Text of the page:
Even on an island famous for its postcard-perfect beaches, the white-sand bays and sapphire seas in south east Mallorca are something truly special. This entire coast is a ravishing recurrence of wild rocky coves interspersed with swathes of fine sand backed by pine-covered cliffs, while further inland, the island’s enduring magnetism comes in the form of pretty honey-colored towns, striking nature reserves, and bustling, colorful markets.
Less than an hour’s drive from Mallorca’s capital, Palma, Santanyí’s delightful narrow streets and distinctive golden sandstone architecture make for a quaint escape packed with cultural discoveries.
A smart selection of galleries, cafés, and boutiques give the town an artsy cosmopolitan feel, yet the wonderful weekly market held in the atmospheric Plaza Mayor stands as living proof that Santanyí has never lost its authentic Mallorcan charm.
Instead of cheap souvenirs, its shops are teeming with handsome antiques, local arts & crafts, and precious Flor de Sal d’Es Trenc, while eateries range from cool, contemporary cafés to sophisticated restaurants serving fare from the Mediterranean and beyond. For imaginative bites in splendid rustic surroundings, head to Es Molí de Santanyí, a beloved tapas bar set in a 300-year old mil.
A few kilometers south east of Santanyí, nestled in a crystal-clear aquamarine bay surrounded by pine-covered cliffs, lies the charming fishing village of Cala Figuera. With a scenic natural harbor and traditional whitewashed cottages with bright green shutters tumbling down to the water’s edge, this is one of the most picturesque little towns in this part of the island.
The lack of a proper beach and swimming area is probably what kept Cala Figuera off the tourist radar, helping it maintain its authenticity. Nevertheless, visitors can easily find countless other pastimes to indulge in, from fishing, diving, and boat excursions to peaceful strolls and delicious alfresco dining along the idyllic port. The village is known for its excellent seafood restaurants supplied daily by the local fishermen.
Caribbean-blue waters and soft sugar-white sands sheltered by dunes make Es Trenc one of Mallorca’s most beautiful beaches. Stretching about 3 km along the island’s southern coast, between Colònia de Sant Jordi and the little village of Ses Covetes, it has a wild, natural feel, with just a handful of laid-back chiringuitos and hardly any other development in sight.
The beach is part of Salobrar de Campos, a protected natural area home to sand dunes wetlands, salt marshes, and numerous species of migratory birds.
Unfortunately, during the peak summer months, families, sun worshipers, and even naturists come to Es Trenc in their droves, lured by the area’s unspoiled beauty and shallow crystalline seas, perfect for snorkeling.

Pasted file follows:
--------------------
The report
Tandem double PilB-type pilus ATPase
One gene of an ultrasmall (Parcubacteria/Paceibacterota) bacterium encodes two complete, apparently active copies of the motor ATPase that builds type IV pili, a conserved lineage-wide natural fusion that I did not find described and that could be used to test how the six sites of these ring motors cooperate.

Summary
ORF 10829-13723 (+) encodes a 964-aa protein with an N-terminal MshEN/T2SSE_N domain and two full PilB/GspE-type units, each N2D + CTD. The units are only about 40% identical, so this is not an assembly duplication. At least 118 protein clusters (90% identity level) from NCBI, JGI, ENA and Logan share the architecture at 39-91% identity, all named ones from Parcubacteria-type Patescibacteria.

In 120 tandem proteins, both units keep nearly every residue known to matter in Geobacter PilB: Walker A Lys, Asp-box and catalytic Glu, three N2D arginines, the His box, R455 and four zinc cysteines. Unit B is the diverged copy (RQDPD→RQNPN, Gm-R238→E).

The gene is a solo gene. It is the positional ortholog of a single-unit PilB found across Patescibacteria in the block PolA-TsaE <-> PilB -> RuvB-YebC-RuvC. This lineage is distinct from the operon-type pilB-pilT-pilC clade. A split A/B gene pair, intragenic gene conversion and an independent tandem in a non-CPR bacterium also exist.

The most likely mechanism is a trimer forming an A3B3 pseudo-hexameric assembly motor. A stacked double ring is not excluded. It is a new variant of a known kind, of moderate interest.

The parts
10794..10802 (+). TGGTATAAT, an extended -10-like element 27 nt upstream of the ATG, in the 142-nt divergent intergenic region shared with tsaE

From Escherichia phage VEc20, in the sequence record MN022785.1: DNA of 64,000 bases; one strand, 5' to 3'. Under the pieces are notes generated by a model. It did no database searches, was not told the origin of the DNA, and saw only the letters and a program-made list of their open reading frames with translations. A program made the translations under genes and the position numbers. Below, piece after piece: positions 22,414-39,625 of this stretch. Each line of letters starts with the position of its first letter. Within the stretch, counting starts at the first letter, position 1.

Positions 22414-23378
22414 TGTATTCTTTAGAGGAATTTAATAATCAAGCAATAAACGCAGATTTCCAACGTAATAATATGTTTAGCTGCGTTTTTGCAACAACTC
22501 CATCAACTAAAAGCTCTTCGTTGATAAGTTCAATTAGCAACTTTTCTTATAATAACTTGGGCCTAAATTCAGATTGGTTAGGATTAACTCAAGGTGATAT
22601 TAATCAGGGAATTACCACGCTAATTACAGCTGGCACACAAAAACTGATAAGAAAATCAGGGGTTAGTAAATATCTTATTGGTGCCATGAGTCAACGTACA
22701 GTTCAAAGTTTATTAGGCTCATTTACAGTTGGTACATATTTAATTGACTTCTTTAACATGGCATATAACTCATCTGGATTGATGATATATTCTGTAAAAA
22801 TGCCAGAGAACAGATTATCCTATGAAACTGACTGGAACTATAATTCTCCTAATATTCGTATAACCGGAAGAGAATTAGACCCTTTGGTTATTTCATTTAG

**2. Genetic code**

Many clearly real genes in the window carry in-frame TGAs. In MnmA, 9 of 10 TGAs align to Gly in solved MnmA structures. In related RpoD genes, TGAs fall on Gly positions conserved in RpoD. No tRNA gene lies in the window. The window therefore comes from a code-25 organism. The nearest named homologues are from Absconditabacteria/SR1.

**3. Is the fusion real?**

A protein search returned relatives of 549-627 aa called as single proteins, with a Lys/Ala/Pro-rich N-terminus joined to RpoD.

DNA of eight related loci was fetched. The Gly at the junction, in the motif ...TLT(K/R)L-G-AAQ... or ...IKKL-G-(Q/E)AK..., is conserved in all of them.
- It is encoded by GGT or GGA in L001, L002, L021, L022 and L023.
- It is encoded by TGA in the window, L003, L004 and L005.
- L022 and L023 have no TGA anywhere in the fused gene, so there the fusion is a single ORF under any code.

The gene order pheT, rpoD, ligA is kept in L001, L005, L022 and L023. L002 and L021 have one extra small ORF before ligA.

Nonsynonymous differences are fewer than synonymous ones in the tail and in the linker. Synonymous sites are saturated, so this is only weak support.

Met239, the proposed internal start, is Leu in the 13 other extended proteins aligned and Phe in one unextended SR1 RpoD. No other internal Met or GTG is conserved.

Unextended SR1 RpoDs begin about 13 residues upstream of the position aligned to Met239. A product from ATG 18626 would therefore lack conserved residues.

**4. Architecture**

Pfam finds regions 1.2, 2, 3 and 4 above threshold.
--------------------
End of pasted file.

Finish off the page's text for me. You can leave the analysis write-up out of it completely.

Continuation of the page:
Similar to Cala Figuera, Portopetro is the perfect choice for couples and families seeking a more quiet, relaxing experience, away from the tourist madness. Built around a handsome horseshoe bay where typical fishing boats bob idyllically alongside gleaming yachts, the town masterfully combines natural beauty with genuine Mallorcan charm.
The seafront is its most appealing location, offering spectacular seascapes and a handful of excellent tapas bars and restaurants. It’s also the departure point for various boat excursions along the coast.
For a memorable Balearic vacation with all the trimmings, stay at nearby Blau PortoPetro Beach Resort & Spa, a contemporary hotel tucked between two beautiful beaches on one Mallorca’s most unspoiled stretches of coast. Boasting elegant light-filled accommodation and beautiful outdoor pools, a slew of gourmet restaurants, and all the amenities one can think of, the property gives guests a chance to be as adventurous or as relaxed as they want.
Mondrago Nature Park
A striking mix of wetlands, dunes, pristine coves, and rugged coastal cliffs plunging into striking turquoise waters, Mondrago Nature Park is undoubtedly one of the most beautiful natural areas on the island and a true paradise for nature lovers.
Hiking and cycling are the best ways to explore its staggering landscapes and there are several well-marked trails along the coastline to choose from. Spectacular secret coves abound too, but Cala Mondragó and S’Amarador are the reserve’s most famous, both with brilliantly clear water and powder-soft sand.
Thanks to its unique ecosystem, this 766-hectare park near Santanyí is also a top destination for bird watching, teeming with stone curlews, turtle doves, kestrels, hoopoes, as well as coots, black-necked grebes, and even vultures.
If you are craving a change of pace, head to Cala d’Or, a widely popular beach resort known for its scenic coves, swanky marina, and handsome Ibiza-style architecture characterized by low-rise cubic houses in gleaming Meditteranean white.
Once a traditional fishing hamlet, the town is now replete with contemporary distractions: glamorous yachts sway gently at anchor in the lovely port; chic cafés, restaurants, and boutiques line the pretty cobbled streets; and world-class golf courses dot the surroundings.
Sprinkled along the coast are a number of charming little beaches with soft sand and crystal-clear turquoise waters, offering everything from diving (Cala Ferrera) to windsurfing (Cala Esmeralda).